Aim: Complex motor stereotypies (CMS) are patterned, repetitive, rhythmic, and involuntary movements that persist over time. They are divided into two subgroups dependent on the presence of other developmental problems: 'primary' (development is otherwise typical) or 'secondary' (associated with autism, intellectual disability, or sensory deficits). There are no currently published studies that examine neuropsychological function in children with primary CMS. This case-control study examines whether children with primary CMS manifest neurobehavioral deficits. Method: Fifty-seven children with primary CMS (32 males, 25 females; mean age 6y 8mo, SD 2y 4mo, range 4-12y) with negative screens for autism and 57 comparison participants (32 males, 25 females; mean age 6y 6mo, SD 2y 1mo) completed neuropsychological assessments of IQ, reading ability, attention, language, and motor and executive functions. Parents completed ratings of their child's repetitive movement severity. Results: The CMS group performed significantly less well than comparison participants on motor skills and IQ tests (both p<0.01), although IQ was consistently in the average range. One-third of the CMS group showed signs of developmental motor coordination difficulties. Parent report of stereotypy severity was significantly associated with parent report of inattention and executive dysfunction. Interpretation: Children with primary CMS were found to have largely intact neuropsychological profiles. Stereotypy severity appears to be associated with executive dysfunction. Although motor difficulties were observed in children with CMS, these were not correlated with parent report of symptom severity.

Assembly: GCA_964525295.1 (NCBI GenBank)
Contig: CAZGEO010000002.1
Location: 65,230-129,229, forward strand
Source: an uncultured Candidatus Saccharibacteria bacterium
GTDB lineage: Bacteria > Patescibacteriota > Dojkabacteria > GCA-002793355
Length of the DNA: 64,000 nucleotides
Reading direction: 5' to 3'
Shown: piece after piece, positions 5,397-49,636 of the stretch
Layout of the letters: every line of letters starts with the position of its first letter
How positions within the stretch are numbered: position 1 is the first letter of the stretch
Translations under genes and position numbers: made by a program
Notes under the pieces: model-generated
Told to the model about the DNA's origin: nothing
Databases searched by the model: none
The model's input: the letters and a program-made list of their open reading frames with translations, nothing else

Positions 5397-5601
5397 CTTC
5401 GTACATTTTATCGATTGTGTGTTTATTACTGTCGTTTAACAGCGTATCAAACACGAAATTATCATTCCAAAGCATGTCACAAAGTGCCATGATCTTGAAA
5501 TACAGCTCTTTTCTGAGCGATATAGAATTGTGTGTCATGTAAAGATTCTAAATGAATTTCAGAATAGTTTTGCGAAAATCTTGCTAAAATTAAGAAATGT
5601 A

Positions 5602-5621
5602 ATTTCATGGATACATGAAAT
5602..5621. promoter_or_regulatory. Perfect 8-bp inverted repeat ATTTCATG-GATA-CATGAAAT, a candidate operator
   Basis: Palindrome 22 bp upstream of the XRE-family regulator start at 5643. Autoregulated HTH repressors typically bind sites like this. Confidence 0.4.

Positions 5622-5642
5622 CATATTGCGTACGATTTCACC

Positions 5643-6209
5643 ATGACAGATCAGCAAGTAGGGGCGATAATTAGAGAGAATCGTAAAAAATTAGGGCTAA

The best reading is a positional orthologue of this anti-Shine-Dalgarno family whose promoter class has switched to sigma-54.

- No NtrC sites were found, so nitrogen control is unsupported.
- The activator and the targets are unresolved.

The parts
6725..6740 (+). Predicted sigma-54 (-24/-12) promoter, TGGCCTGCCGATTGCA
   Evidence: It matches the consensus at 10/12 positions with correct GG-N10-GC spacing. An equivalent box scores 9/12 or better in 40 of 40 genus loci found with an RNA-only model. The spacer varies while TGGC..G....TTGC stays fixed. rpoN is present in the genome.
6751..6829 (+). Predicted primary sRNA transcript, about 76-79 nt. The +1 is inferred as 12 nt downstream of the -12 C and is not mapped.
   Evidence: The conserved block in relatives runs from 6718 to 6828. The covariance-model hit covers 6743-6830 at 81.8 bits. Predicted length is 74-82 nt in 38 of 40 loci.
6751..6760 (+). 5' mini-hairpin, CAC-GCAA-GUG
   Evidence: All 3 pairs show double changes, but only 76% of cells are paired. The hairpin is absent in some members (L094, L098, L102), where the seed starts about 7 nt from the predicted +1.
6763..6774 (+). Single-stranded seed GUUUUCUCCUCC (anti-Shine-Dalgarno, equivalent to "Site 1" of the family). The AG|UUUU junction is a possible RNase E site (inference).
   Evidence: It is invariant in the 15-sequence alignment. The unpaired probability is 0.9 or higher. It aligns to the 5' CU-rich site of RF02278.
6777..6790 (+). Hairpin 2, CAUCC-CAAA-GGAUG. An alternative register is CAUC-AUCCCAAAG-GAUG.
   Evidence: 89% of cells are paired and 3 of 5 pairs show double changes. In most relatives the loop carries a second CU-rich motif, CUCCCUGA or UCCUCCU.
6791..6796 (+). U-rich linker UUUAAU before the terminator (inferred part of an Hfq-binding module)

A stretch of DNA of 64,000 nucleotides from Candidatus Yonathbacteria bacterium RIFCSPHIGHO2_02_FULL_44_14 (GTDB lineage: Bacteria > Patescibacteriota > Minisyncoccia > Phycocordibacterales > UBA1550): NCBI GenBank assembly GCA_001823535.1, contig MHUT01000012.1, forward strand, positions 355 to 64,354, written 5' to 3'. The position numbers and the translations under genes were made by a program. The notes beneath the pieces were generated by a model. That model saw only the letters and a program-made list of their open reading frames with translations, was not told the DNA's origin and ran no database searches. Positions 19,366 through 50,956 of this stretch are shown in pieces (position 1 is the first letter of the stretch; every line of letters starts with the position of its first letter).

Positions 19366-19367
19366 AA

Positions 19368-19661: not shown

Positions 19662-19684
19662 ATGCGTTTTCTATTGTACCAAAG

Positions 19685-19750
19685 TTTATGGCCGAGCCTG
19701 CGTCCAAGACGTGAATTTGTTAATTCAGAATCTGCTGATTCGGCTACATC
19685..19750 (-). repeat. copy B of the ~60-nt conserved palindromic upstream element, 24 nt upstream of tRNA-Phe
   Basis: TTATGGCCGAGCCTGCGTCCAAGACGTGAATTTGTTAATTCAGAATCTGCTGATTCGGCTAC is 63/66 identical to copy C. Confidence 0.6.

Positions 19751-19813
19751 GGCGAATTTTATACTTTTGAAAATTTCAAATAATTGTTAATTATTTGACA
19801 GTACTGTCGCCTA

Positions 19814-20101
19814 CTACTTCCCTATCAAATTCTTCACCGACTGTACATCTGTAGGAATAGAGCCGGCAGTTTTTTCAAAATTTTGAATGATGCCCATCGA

ASJC Scopus subject areas
- Pediatrics, Perinatology, and Child Health
- Developmental Neuroscience
- Clinical Neurology